Black Lives Matter

Rule #31: Your silence will not protect you. (part 1 of 2)

Tears were streaming down my face at 5:30am this morning. The sky, still black, seemed appropriate as I began to grieve the loss of life of two protesters in Kenosha, Wisconsin. I shouldn’t have been shocked but I was as I read that two protesters, who were seeking justice for Jacob Blake, were gunned down just hours before I woke up from my comfy bed in my comfy suburban neighborhood. Beyond the two persons killed, at least one more person was shot and injured.

The shock from the news didn’t wear off for quite some time. I was still crying 30 minutes after first seeing the headlines. I quickly realized I was in mourning. Mourning the life of people standing up for justice. Mourning human lives taken from the earth. And mourning the pain and grief their family and friends are experiencing.


But beyond grief, sadness, empathy and similar feelings, I noticed another feeling creeping in as I read the news- fear. Fear of putting my body on the line. Fear for all persons putting their bodies on the line. The fear that this is only the beginning as the November election approaches. And fear of the reality that alt “militia” groups are real, organized and may even have the support of local police. If not support of police, they are empowered by our leaders, politicians, and language of “property over protesters.”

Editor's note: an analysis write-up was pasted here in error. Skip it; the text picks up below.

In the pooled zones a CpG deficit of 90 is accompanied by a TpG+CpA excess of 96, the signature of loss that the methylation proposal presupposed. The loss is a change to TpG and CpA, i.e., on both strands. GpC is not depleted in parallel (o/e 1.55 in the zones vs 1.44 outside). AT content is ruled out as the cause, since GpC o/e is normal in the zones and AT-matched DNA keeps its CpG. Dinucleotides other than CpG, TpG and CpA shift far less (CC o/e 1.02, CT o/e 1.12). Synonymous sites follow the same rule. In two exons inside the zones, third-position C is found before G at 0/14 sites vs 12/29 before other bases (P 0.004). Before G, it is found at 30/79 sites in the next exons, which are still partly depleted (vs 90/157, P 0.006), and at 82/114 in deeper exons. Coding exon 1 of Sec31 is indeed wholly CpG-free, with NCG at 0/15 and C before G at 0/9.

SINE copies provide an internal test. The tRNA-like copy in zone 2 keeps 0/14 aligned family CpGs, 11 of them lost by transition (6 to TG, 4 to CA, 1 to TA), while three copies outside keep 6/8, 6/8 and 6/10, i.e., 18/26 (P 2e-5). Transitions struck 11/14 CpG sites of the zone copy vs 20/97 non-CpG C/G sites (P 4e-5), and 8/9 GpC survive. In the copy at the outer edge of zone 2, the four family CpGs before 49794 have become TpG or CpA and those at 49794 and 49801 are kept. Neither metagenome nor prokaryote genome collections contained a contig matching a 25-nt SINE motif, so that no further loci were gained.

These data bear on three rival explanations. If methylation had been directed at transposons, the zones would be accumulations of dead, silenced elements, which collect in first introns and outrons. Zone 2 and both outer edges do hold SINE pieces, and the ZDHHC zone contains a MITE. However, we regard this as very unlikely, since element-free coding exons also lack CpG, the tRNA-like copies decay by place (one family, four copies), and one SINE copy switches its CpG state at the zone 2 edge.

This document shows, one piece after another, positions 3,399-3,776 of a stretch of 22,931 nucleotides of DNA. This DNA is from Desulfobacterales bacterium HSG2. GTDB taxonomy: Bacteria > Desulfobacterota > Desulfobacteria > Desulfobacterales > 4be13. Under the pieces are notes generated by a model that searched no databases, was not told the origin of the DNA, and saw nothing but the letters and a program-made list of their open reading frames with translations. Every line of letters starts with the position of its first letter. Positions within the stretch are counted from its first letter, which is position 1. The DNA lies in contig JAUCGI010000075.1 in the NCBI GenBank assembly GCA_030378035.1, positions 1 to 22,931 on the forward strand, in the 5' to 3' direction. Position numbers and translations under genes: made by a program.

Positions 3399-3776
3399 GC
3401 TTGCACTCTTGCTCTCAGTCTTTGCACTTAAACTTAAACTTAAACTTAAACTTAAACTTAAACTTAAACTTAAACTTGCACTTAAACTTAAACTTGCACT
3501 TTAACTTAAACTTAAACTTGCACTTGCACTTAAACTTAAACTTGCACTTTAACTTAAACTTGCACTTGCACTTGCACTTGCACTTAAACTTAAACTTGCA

As I began to realize my fears, I had to ask myself, am I really fearful that I’m going to lose my life the few times that I go out and protest? Am I putting myself first? Is death simply what I fear? Is the racist society in which my girls live what I fear? Why would I allow fear to overcome my feelings of sorrow as I mourn the lives lost last night?


Those early morning questions are still unanswered. But as the day has progressed, the tears have come and gone and come again. I’m still mourning and grieving. And I’m also angry. Outraged that this is the world my daughters are inheriting. Angry that they receive some privileges that other persons of color do not simply because Chris and I are white. But even angrier that Chris and I have privileges that my girls will never have.

Y’all. It’s not a level playing field for persons of color. My daughters will have to work twice as hard to get half as far as their white peers. It is a reality we see time and time again in this country.

Aren’t we, my fellow white allies, friends and family, tired of this yet? Are you ready to speak up and fight for social justice?

transracial adoptive family in st. louis
The Willard Family of Five: September 6, 2018

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